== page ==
Forests are a cornerstone of Canadian life. Everywhere, plants, microbes, birds, fish and a myriad of other creatures—including us—exist as part of a rich biological schema including forests. In Canada, forests sustain our culture, economy, spirituality, and livelihoods in ways that make this land and its people what they are.
Thirty-nine percent of Canada's land is forest, and this represents 9% of the world's total forests. The future is unwritten, but these numbers tell us that state of Canadian forests is a major variable in how climate change will play out worldwide.
Of course, it's a given that the changes we're already seeing—including severe wildfires, loss of ecological diversity, and the proliferation of invasive species that threaten tree populations—are expected to become more extreme in the coming years.
Adding to this, economic changes due to the pandemic, evolving consumer demands (for example, the decline of print newspapers and magazines), and international competition show that the preexisting commercial relationship between Canadian forests and people won't be the way of the future.
Increasingly, many Canadians are recognizing what forests give them, and asking what they can do in return. To me, this year's World Wildlife Day theme (and this inspired illustration for the event by Gabe Wong) expresses a hope that our global communities are affirming their relationships with forests and finding constructive ways forward that honour our interdepedence.
What's happening right now in Canada to support this? Our country's issues are diverse and so multifaceted, but these are a few trends I've noticed recently:
Indigenous forest management systems offer expertise informed by thousands of years' experience working with this land. The most recent Canadian census reported that 70% of Indigenous people in Canada live in or near forests. (I've also seen similar statistics for other parts of the world, and globally.) Increasingly, Indigenous people are reclaiming portions of their original territories and asserting their right to participate in self-governance, including forest management.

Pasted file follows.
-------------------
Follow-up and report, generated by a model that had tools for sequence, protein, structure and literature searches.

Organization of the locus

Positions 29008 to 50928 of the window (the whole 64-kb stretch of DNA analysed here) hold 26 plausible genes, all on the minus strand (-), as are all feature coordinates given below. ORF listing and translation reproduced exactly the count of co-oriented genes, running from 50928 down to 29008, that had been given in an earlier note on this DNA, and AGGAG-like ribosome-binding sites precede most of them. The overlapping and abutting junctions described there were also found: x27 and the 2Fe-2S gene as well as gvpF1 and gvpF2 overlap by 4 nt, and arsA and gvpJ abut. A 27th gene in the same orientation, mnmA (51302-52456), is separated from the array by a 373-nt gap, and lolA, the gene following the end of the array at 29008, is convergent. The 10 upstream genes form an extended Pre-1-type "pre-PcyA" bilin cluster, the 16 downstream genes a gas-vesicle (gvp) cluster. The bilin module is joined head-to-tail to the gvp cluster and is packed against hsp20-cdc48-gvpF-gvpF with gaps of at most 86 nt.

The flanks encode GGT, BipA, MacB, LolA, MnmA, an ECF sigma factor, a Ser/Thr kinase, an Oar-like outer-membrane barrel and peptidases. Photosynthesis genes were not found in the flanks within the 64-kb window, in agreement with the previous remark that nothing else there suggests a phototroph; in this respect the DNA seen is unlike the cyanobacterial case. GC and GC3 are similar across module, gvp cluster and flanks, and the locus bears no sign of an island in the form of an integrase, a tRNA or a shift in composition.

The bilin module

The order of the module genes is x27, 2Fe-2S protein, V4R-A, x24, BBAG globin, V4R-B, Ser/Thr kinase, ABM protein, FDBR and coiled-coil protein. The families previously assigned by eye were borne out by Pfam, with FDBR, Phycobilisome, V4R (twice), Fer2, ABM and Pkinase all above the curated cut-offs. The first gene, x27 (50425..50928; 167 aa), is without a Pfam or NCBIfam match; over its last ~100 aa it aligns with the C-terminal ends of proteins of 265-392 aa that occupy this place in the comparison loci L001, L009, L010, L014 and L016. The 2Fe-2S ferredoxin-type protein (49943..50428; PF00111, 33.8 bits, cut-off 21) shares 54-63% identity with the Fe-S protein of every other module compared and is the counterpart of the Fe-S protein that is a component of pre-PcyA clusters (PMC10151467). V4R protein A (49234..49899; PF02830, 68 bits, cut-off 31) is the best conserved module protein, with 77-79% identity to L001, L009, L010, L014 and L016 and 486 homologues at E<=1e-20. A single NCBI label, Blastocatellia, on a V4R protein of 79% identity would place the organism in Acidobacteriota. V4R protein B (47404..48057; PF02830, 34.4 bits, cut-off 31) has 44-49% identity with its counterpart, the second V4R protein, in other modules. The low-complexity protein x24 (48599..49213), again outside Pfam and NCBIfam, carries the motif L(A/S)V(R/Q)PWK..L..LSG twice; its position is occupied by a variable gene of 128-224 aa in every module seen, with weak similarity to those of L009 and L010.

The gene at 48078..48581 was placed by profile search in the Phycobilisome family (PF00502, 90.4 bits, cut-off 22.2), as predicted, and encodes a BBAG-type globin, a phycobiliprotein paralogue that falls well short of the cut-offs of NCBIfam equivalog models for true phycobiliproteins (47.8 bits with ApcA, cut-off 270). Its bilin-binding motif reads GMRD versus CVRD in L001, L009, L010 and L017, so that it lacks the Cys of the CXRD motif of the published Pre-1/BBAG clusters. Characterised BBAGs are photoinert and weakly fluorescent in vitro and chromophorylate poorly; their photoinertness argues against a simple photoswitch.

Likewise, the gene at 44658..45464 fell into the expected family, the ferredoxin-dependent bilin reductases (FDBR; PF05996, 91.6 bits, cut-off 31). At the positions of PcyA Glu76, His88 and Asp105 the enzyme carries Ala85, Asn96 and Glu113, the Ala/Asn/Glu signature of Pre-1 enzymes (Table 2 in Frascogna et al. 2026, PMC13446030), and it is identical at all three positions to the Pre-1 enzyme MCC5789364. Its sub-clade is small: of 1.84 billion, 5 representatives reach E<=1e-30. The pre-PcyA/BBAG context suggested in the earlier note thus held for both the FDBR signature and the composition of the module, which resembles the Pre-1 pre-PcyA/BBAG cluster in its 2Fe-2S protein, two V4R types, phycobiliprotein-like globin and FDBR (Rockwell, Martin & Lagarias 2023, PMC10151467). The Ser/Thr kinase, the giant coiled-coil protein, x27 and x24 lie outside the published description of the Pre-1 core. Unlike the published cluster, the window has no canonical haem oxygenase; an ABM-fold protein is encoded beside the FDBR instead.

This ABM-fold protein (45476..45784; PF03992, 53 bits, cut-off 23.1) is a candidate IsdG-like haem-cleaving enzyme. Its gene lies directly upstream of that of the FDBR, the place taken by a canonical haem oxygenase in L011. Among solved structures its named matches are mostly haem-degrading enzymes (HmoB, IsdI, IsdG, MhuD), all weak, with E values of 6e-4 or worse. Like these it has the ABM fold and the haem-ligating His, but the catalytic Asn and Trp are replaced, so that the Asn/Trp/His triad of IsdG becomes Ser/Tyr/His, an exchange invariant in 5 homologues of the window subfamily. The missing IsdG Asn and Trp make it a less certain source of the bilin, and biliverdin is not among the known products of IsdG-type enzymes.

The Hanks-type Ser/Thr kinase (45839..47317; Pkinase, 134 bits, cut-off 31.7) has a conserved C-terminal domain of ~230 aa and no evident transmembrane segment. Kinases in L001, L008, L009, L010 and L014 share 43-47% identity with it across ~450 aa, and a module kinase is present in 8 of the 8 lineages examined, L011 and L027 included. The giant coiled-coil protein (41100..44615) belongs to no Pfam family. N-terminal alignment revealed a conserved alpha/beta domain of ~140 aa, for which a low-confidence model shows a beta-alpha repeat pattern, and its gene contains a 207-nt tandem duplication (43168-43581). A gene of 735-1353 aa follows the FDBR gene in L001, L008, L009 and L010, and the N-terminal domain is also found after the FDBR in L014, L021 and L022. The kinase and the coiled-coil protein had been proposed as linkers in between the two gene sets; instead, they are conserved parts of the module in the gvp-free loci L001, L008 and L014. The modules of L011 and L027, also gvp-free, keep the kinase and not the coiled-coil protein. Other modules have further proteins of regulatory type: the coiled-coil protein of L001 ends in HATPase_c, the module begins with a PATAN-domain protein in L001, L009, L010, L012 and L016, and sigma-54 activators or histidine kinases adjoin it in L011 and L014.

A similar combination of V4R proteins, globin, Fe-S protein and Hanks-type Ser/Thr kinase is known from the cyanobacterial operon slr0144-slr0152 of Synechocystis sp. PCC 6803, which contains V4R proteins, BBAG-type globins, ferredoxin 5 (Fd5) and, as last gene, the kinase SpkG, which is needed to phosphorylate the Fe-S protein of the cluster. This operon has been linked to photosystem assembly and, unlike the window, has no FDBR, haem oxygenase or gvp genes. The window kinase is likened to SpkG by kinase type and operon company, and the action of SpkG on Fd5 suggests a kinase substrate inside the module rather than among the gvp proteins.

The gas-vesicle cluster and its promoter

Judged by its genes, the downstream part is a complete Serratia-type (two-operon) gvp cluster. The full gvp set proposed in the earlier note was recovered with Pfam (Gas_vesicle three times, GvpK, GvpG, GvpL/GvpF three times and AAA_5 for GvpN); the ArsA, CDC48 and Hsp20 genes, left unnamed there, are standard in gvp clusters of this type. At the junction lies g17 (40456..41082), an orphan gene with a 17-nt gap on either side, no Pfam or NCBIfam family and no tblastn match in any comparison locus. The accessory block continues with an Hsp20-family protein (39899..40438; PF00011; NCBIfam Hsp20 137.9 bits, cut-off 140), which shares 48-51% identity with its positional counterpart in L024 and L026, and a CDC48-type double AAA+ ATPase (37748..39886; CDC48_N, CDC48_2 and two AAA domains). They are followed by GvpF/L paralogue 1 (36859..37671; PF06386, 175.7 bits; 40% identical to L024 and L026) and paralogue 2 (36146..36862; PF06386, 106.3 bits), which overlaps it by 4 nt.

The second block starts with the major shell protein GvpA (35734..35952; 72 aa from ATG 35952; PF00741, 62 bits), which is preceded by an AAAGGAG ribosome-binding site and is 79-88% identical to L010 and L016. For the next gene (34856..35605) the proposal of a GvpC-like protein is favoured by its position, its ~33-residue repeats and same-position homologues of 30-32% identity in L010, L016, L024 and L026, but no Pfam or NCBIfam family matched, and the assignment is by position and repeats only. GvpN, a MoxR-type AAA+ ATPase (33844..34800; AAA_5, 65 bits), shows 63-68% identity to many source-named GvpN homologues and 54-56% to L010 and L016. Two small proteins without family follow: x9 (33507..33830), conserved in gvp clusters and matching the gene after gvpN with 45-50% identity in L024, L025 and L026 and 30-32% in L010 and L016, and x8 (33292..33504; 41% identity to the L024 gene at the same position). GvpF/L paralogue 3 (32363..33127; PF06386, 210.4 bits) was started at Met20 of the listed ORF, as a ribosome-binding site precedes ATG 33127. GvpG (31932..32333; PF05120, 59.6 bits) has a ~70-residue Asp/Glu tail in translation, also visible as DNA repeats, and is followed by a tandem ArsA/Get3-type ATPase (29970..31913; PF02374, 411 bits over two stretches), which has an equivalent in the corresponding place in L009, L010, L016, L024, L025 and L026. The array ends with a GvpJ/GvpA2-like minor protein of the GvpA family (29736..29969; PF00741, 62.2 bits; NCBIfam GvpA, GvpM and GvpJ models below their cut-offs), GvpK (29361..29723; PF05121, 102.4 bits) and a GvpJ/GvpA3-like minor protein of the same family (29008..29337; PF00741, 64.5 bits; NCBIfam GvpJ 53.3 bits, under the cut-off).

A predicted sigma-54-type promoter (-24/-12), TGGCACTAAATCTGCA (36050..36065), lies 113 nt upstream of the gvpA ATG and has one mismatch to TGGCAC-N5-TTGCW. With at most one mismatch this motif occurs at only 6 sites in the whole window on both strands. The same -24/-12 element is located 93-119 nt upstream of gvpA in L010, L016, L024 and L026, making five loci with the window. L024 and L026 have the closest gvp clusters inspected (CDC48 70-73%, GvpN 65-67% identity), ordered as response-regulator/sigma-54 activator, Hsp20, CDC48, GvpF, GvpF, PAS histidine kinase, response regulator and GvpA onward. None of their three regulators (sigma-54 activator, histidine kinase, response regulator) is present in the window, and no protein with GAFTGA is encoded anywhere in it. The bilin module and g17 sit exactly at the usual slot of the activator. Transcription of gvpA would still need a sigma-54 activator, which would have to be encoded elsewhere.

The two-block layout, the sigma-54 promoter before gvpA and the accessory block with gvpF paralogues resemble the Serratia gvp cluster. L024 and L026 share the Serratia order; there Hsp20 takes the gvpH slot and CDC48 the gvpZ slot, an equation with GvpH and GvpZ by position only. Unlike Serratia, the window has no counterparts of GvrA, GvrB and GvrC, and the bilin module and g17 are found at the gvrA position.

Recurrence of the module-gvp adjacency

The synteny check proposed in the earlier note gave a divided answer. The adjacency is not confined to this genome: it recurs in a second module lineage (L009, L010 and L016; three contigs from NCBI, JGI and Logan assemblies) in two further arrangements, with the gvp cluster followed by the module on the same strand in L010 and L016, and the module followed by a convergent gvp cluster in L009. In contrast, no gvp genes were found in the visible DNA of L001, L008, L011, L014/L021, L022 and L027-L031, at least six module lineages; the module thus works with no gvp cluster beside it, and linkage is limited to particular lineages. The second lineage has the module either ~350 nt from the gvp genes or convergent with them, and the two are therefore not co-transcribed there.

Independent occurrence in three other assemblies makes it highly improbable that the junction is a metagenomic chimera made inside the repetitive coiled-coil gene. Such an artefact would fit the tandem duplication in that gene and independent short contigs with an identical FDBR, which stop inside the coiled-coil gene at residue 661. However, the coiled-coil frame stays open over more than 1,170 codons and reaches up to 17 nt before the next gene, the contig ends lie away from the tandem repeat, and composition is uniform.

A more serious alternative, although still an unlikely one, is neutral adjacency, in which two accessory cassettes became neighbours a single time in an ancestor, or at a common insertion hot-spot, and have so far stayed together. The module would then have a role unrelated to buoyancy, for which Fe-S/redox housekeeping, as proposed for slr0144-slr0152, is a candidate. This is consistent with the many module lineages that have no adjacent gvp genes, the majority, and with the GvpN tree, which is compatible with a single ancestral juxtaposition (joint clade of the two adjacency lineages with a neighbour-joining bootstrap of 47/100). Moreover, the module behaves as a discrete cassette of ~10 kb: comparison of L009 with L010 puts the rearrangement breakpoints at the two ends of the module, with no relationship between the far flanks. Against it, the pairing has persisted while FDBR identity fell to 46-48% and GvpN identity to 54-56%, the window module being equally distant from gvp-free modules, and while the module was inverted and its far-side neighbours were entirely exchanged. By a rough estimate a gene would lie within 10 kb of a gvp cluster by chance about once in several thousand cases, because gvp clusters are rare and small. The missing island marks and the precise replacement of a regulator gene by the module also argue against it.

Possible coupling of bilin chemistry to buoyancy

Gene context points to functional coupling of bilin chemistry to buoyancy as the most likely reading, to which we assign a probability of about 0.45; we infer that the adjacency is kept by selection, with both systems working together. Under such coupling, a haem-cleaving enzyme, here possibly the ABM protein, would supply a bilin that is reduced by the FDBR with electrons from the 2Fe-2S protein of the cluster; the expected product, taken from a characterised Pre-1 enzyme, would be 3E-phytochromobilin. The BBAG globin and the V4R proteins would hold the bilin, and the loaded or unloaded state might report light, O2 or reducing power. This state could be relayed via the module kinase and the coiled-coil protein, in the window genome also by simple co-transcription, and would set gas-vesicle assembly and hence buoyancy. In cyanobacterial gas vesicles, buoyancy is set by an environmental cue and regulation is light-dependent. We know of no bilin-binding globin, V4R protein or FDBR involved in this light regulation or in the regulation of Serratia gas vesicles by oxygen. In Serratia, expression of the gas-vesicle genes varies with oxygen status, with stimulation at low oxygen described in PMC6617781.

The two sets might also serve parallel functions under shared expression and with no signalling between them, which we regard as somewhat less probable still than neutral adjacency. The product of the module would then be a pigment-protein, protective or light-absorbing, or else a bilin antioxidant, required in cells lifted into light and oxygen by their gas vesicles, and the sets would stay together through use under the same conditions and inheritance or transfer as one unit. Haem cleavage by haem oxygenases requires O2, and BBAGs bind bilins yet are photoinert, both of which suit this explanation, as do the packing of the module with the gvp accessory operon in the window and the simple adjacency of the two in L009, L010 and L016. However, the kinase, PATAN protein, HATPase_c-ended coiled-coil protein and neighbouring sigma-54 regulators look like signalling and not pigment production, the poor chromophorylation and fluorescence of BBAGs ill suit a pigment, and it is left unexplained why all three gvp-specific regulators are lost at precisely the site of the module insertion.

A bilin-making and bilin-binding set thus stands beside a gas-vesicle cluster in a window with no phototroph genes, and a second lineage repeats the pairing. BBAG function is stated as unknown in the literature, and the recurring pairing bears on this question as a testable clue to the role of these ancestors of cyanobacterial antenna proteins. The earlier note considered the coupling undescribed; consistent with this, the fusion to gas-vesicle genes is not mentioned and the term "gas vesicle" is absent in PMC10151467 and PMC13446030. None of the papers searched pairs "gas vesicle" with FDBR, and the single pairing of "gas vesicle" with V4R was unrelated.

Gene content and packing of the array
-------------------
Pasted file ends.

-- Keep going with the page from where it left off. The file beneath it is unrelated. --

Indigenous involvement in sustainable natural resource management is helping to bring socio-economic benefits to communities and maintain cultural, recreational, and spiritual connections to the land. As reported beautifully in the National Observer, residents of B.C.'s Tŝilhqot'in Nation are using clean energy to develop a new land, water, and wildlife management area, supporting self-determination within their communities.
Coastal Guardian Watchmen also provide a model for what responsible land stewardship can look like in Haida Gwaii.
It's exciting to see collaborative efforts undertaken to synergize traditional ecological knowledge (TEK) and settlers' science-based understanding of nature as complementary information systems.
In a recent lecture, Indigenous scholar and assistant professor Myrle Ballard at the University of Manitoba described how Indigenous expertise can inform scientific work.
The viewpoint has also been expressed poetically in the best-selling Braiding Sweetgrass, by botanist Dr. Robin Wall Kimmerer, who espouses radical gratitude to nature by asking that humans consider the question, 'What can I give in return for the gifts of the earth?'
Landscape architects and horticulturalists are inventing and adapting design models that enhance vitality for people and forests.
Planting individual trees is great, but what if you could fast-track the growth of a mini forest community in your neighbourhood? Network of Nature is piloting a new project on using the Miyawaki Forest technique to do just that in Canada.
Emerging technologies have their place in this work:
Remote sensing and artifical intelligence can give us new eyes in the sky to monitor our expansive Boreal Forest for extreme wildfires.
Geographic Information Systems (GIS) analysis and interpretitive web cartography are being used to understand and educate Canadians about the value of our northern peatlands.
Ex-situ conservation methods carried out in sterile labs are providing hope for at-risk species, with researchers developing tissue culture and seed banking methodologies to preserve genetically unique local flora.
I think that Gen Z will grow up more attuned to ecological issues than any previous generation. One educational resource I noticed recently is this kid-friendly website, which includes a colouring book, advocating for the conservation of Wisqoq (Black Ash) populations in our eastern forests.